In times of crisis, the ‘impossible’ reforms become logical and obvious measures. One of the most important measures needed is to adopt a basic standard for Roma political and civil society organisations. A similar standard should be applied to the other stakeholders working for Roma social inclusion.
- Roma political and civil society leaders should be limited to two mandates of maximum four years each. This measure will address the overall tendency of Roma leaders to self–sufficiency, autocracy or royalty.
- Significant hands-on work/volunteering in the communities, together with a meritocratic-based system of employment, should be basic requirements for any representative job in the Roma field.
- Public financing of any organisation, including Roma organisations, should require full transparency of expenditures and salaries.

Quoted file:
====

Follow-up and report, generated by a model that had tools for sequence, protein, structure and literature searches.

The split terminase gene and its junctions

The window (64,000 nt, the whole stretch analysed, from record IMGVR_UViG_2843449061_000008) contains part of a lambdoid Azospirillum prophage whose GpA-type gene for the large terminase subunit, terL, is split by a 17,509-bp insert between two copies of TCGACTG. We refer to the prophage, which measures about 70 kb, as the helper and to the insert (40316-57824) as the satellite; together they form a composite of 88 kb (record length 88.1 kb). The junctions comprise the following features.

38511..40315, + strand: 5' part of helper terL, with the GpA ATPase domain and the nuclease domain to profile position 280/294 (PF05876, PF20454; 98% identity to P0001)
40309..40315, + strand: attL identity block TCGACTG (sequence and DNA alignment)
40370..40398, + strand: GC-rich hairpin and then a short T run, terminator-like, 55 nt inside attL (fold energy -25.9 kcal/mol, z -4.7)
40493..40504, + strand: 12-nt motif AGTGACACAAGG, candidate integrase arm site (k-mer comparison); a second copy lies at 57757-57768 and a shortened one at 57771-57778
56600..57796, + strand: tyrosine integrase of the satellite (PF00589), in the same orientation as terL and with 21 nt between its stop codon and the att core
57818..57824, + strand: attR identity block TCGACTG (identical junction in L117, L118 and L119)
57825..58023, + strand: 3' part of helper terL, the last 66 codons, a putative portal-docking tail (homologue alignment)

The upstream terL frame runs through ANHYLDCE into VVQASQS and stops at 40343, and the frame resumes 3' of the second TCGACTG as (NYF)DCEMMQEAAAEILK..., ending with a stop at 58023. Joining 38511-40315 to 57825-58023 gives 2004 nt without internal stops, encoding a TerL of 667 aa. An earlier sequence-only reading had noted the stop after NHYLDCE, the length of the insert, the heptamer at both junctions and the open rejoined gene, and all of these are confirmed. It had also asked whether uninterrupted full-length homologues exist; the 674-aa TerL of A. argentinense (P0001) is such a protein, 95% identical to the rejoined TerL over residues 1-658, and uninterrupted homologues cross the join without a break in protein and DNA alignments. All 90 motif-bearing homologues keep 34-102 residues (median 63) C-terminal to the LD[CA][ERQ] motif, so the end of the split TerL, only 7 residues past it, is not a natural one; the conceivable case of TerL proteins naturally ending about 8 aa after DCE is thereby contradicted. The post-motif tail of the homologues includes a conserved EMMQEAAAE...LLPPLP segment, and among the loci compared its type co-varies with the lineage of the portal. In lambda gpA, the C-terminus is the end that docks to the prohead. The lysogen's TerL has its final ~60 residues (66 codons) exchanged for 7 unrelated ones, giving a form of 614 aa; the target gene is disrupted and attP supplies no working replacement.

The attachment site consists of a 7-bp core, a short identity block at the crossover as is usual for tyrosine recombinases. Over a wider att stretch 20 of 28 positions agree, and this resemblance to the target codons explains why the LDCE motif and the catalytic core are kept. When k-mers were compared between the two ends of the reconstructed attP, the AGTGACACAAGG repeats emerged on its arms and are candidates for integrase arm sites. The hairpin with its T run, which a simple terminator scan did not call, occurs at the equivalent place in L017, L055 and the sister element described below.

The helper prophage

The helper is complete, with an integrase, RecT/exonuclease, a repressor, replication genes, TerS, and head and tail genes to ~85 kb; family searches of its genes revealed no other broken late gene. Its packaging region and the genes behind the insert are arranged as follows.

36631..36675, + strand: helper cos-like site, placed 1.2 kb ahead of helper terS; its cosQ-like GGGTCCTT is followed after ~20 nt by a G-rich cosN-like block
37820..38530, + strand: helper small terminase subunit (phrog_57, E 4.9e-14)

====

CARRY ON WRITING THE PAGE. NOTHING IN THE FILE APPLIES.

- Nepotism should be banned. Roma politics and NGOs are at high risk of becoming family businesses.
- Roma political and NGO leaders should invest a percentage of their own income in the improvement of Roma social inclusion.
If you feel offended about any of the above you might be one of the people that I thought about when writing this text. I strongly believe that we can improve continuously and most of those I target in this text can do it. Having high expectation from yourself justifies having high expectations from your elites. It is also a text for myself.
This text can well apply to Romanian political and civil society elites and if you felt superior just because you are not a Roma then you might be a racist.
 Can be read “hi” or “fu”. I prefer hi